In a plan view, FIG. 6 schematically shows a spring tongue having longitudinal slots 21 according to FIG. 5. The longitudinal slots are conducted over the entire length of the spring tongue 2, including the lateral tabs 2a at the free end. For better alignment of the contact piece, however, it is desirable for the contact spring region 9 between the two lateral tabs 2a that this region be flat; since it does not carry an electrode surface or area, it also contributes nothing to the electrostatic attraction. In addition to being provided with the longitudinal slots 21, this region 9 is therefore also provided with transverse slots, as a result of which a practically flat contact spring region is produced given an appropriate dimensioning. FIGS. 7a and 7b show such a spring tongue according to FIG. 6 in a side view, namely in the non-excited quiescent condition (FIG. 7a) and in the attracted condition (FIG. 7b).
For an optimum switch characteristic with respect to the trip conditions when closing and opening the relay, i.e., for example, in order to avoid contact creeping, a switch tongue is desirable that comprises a curvature over only a part of its length and is flat in its remaining area. Since the layer deposition occurs uniformly over the entire silicon wafer, layer thicknesses that vary section-by-section are difficult to produce. A variation of the curvature over various regions cannot be produced by the inventive technique. FIG. 8 thus shows a spring tongue 2 in plan view and in a schematic side view, whereby three different sections are differently slotted and, accordingly, also comprise different curvatures. A first region Z1 adjoining the attachment of the spring tongue 2 carries slots 21 only in the longitudinal direction; accordingly, this region is curved in the longitudinal direction with the radius R. The region Z2 carries longitudinal slots 21 and transverse slots 23, as a result whereof this region of the spring tongue is kept essentially flat. The end region Z3, finally, is subdivided by the spring tongue slots 8 into the lateral tabs 2a and into the contact spring region 9. The lateral tabs 2a carry longitudinal and transverse slots like the region Z2. The contact spring region 9 likewise carries longitudinal slots 21 and transverse slots 23. In this case, however, the transverse slots 23 are arranged so close to one another that a curvature opposite the curvature of the region Z1 results for this section; this means that the contact spring section is curved toward the base contact piece.
The fabrication-oriented production of the slots in the compressive strain layer can occur according to FIG. 9 in that the slot structures are etched out of a surface-wide SiO2 layer with the assistance of a lithography step and the Si3 N4 layer is in turn applied in surface-wide fashion, for example with vapor phase deposition.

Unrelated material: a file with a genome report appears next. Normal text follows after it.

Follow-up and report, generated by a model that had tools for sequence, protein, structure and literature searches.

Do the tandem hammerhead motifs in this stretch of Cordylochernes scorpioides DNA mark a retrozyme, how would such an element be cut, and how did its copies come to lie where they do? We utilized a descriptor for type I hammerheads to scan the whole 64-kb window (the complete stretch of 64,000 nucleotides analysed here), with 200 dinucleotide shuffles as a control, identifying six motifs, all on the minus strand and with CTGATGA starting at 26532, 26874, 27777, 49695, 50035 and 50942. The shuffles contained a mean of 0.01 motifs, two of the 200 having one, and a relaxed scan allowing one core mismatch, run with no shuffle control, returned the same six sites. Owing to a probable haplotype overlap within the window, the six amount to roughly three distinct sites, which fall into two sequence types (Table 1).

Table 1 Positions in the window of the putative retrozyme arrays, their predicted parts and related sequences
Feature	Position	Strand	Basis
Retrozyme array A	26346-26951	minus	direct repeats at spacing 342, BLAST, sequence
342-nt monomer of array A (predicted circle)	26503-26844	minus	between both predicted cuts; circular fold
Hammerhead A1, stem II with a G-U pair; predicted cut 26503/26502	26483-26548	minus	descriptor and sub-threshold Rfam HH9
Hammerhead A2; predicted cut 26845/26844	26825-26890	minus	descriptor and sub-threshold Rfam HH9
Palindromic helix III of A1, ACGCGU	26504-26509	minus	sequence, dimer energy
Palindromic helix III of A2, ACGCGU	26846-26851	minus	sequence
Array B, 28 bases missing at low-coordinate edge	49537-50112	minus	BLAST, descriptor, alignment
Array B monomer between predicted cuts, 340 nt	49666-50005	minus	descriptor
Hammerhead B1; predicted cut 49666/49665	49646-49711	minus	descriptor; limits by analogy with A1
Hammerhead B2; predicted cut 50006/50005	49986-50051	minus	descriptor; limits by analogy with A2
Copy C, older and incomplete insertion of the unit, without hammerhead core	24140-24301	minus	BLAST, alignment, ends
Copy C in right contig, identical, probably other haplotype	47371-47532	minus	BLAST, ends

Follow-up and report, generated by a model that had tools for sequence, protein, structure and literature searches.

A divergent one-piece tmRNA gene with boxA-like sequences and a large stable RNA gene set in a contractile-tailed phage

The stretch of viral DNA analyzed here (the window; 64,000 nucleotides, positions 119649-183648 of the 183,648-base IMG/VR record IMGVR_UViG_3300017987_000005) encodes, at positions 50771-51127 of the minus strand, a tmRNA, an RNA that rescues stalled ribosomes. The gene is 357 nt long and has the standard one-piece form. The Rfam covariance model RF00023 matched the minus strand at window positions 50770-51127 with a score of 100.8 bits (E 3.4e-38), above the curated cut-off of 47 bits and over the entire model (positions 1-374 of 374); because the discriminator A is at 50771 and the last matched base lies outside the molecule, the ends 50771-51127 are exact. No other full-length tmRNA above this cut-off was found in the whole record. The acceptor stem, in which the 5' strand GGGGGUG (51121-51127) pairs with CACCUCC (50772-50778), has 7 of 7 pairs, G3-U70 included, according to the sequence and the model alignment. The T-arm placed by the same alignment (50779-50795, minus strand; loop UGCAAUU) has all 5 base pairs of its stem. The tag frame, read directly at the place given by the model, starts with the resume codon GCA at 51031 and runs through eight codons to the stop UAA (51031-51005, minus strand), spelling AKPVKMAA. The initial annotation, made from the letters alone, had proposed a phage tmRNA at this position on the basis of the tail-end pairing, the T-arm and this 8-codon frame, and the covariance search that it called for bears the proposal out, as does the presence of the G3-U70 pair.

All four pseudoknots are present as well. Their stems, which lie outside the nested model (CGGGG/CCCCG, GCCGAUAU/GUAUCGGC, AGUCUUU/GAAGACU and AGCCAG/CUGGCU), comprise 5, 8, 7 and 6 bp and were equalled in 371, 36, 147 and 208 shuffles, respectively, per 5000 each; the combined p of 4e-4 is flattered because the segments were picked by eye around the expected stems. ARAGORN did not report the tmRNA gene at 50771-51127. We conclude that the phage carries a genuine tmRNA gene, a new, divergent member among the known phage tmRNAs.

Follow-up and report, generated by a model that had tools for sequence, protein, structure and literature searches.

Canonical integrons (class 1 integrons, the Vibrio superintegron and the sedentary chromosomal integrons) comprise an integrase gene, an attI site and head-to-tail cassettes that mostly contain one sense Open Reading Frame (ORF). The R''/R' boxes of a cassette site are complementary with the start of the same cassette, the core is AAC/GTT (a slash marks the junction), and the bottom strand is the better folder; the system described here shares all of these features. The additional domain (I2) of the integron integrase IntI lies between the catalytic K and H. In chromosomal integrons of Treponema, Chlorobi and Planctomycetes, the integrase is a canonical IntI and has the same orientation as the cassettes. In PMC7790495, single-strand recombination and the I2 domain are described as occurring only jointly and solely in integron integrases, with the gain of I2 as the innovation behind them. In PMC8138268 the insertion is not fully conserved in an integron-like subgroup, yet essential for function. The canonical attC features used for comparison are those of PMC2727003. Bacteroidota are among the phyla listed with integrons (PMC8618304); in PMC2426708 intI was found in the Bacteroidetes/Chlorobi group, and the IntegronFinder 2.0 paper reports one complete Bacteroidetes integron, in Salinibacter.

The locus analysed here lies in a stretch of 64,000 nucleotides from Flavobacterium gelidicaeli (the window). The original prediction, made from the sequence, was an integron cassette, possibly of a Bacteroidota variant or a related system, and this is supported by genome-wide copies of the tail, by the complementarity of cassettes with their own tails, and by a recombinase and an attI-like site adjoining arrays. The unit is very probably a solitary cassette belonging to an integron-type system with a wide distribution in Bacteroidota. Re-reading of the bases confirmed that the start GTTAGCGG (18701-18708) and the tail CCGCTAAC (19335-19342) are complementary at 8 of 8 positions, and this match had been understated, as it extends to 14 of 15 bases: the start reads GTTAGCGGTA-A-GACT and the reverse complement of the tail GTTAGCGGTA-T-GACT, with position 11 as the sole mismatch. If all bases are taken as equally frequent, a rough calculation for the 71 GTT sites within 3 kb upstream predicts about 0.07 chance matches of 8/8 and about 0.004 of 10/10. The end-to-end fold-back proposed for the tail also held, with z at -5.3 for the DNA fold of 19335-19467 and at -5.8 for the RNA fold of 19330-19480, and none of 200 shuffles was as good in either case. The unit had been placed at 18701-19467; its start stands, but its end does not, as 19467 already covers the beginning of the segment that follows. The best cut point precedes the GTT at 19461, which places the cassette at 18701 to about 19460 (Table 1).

FIG. 10 shows another possibility. Here, the oxidation is already topically limited in that a corresponding marking layer (for example, Si3 N4) is previously applied, so that the SiO2 layer already arises in strip or stripe form. The Si3 N4 is subsequently again applied over the entire surface. Instead of the SiO2 layer, a doping of the silicon that generates compressive strains can also occur. Subsequently, the Si3 N4 layer is again deposited in surface-wide fashion. The advantage of this method is comprised in the smooth surface topography.
Although various minor changes and modifications might be proposed by those skilled in the art, it will be understood that our wish is to include within the claims of the patent warranted hereon all such changes and modifications as reasonably come within our contribution to the art.
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|U.S. Classification||257/414, 200/283, 200/11.00G, 257/415, 200/11.00H, 200/559, 200/335, 257/780, 257/738, 200/282|
|International Classification||H01L21/3065, H01H59/00, H01L21/302|
|Cooperative Classification||B81B3/0072, B81B2201/014, H01H2059/0081, H01H59/0009|
|European Classification||H01H59/00B, B81B3/00S2S|
|Nov 20, 1995||AS||Assignment|
Owner name: SIEMENS AKTIENGESELLSCHAFT, GERMANY
Free format text: ASSIGNMENT OF ASSIGNORS INTEREST;ASSIGNORS:SCHLAAK, HELMUT;SCHIMKAT, JOACHIM;REEL/FRAME:007721/0287
Effective date: 19951013
|Nov 18, 1996||AS||Assignment|
Owner name: SIEMENS AKTIENGESELLSCHAFT, ENGLAND
Free format text: ASSIGNMENT OF ASSIGNORS INTEREST;ASSIGNORS:SCHLAAK, HELMUT;SCHIMKAT, JOACHIM;REEL/FRAME:008232/0278;SIGNING DATES FROM 19951013 TO 19961013
|Sep 29, 2000||FPAY||Fee payment|
Year of fee payment: 4
|Dec 18, 2000||AS||Assignment|
|Dec 22, 2004||REMI||Maintenance fee reminder mailed|
|Jun 3, 2005||LAPS||Lapse for failure to pay maintenance fees|
|Aug 2, 2005||FP||Expired due to failure to pay maintenance fee|
Effective date: 20050603